ALLORA (Ode to Aziz Ansari and Master of None) for visualizing and communicating the beauty of making fresh pasta. It’s not just about the amazing taste of Fresh Pasta, it is the entire process. There is something magical and intriguing about creating this from scratch. Like so many people, I once thought that pasta was a very hard thing to make. I find the process not only easy but also relaxing. It puts you in a headspace of being focused on the technique and so appreciative of the ingredients.
Marc Vetri Mastering Pasta: The Art and Practice of Handmade Pasta, Gnocchi and Risotto is my go-to book for inspiration and also well explain technique on making fresh pasta.
Recipe adapted from Marc Vetri.
MAKES ABOUT 1 Pound or 4 Servings
- 1 cup plus 2 tablespoons Tipo 00 flour or 1 1/4 cups plus 2 tablespoons APF
- 7 tablespoons durum flour
- 9 egg yolks
- 1 tablespoon extra virgin olive oil
- 3 tablespoons water
- KitchenAid mixer, optional
- paddle attachment
- plastic wrap
- rolling pin or pasta roller attachment
- knife or pasta cutter attachment
- Combine both flours on a work surface and make a well in the center. Add in your egg yolks, oil, and water and mix just until the dough comes together 2 to 3 minutes. (This process can also be done with a Mixer and using the paddle attachment).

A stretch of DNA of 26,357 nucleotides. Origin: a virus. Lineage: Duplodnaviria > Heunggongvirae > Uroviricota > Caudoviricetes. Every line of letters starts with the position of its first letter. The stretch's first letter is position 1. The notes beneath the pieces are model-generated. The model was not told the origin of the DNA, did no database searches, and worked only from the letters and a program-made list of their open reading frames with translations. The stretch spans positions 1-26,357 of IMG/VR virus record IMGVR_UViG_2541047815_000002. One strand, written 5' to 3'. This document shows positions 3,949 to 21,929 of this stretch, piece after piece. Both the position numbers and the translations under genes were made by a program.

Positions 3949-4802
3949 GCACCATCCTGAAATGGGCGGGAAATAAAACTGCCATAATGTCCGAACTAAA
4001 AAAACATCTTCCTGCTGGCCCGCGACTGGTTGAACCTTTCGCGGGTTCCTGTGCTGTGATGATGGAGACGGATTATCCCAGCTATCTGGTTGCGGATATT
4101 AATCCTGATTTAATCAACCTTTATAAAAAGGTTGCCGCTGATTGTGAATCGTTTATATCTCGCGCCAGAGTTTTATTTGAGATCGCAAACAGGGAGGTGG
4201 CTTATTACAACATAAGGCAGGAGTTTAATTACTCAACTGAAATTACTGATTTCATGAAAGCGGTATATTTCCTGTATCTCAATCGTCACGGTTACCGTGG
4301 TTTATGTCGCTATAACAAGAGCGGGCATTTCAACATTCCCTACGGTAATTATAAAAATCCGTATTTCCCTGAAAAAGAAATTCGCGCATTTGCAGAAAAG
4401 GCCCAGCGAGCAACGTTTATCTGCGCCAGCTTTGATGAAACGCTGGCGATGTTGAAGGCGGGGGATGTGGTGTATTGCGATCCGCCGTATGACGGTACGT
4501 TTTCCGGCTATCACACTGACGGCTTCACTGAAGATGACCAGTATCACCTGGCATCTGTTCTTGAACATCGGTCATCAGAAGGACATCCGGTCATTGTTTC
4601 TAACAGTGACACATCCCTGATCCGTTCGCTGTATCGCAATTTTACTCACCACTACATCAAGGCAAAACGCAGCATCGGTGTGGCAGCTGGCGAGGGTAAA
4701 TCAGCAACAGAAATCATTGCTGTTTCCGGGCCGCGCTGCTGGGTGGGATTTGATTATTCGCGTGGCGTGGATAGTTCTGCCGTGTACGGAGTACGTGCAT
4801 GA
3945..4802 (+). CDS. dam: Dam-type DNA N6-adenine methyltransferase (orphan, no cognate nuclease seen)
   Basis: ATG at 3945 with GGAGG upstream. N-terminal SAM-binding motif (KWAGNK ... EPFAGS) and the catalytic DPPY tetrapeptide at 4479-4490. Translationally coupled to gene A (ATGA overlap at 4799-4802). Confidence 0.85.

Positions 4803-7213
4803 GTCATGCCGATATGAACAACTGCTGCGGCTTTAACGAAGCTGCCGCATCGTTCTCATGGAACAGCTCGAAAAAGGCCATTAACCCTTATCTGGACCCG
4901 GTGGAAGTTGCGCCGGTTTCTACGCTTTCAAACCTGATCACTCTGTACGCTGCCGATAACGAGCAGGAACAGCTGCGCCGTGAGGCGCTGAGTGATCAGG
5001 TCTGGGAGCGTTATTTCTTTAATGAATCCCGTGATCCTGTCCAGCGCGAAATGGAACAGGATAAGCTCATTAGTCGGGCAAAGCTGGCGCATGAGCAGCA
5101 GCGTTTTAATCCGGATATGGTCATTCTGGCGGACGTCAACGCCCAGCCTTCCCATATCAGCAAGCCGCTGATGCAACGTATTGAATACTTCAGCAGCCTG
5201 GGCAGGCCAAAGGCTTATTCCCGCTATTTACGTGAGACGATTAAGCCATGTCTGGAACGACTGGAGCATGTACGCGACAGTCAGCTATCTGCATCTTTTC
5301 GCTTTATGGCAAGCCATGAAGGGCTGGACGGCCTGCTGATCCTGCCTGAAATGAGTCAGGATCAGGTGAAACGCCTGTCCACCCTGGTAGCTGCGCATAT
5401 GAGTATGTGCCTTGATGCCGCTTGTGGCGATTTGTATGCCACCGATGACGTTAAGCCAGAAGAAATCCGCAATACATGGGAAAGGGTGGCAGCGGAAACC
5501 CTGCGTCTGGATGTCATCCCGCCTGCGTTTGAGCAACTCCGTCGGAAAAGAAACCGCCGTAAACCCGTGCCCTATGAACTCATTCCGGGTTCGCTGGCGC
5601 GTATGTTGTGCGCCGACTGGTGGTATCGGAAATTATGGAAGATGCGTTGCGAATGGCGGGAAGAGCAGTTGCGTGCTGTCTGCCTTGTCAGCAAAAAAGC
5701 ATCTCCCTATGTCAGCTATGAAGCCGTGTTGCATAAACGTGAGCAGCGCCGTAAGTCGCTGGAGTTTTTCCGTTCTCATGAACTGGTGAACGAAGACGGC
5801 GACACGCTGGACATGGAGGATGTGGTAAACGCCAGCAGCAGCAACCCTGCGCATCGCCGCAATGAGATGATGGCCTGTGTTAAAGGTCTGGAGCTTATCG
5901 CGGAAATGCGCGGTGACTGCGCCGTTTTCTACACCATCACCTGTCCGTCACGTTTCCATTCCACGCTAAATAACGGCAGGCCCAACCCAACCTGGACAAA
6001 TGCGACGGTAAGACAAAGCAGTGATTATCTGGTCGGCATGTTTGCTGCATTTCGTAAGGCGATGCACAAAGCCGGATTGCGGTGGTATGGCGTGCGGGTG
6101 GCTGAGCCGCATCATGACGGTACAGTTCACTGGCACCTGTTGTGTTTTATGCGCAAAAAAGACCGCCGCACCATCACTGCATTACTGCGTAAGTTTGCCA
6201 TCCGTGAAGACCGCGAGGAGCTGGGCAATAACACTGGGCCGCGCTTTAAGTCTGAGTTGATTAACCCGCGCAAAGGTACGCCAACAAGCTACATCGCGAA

- Turn the dough out onto a lightly floured work surface and knead it until it feels silky and smooth, about 5 minutes, kneading in a little Tipo 00 flour if necessary to keep the dough from sticking. You’ll know the dough is ready when you stretch it out, and it pulls back into place. Shape the dough into a ball, flatten it into a disk, and then wrap it together tightly with plastic wrap. Let it sit for 30 minutes.
- Divide the dough into 4 equal pieces. Let the pieces sit, covered, at room temperature for 10 minutes if chilled. Shape each piece into an oval wide enough to fit the width of your pasta roller.
- Take 1 piece of your dough and lightly flour both sides and put it through your pasta roller at the widest setting. Set the roller to the next setting, dust again lightly with flour and pass the dough through. Do this a couple more times until you get to a 1/8 inch (3mm) setting 2 or 3 on a standard Kitchenaid attachment. This setting is the perfect thickness for pasta like pappardelle, fettuccine, and tagliatelle. Once rolled out into a flat sheet, cut using a pasta cutter. If a cutter in not available, lightly dust sheet and fold in half once and fold that half once again. Using a sharp knife, cut your pasta into your desired width.
Pasta Dough can be refrigerated up to 3 days. You can also freeze the dough for up to 3 months.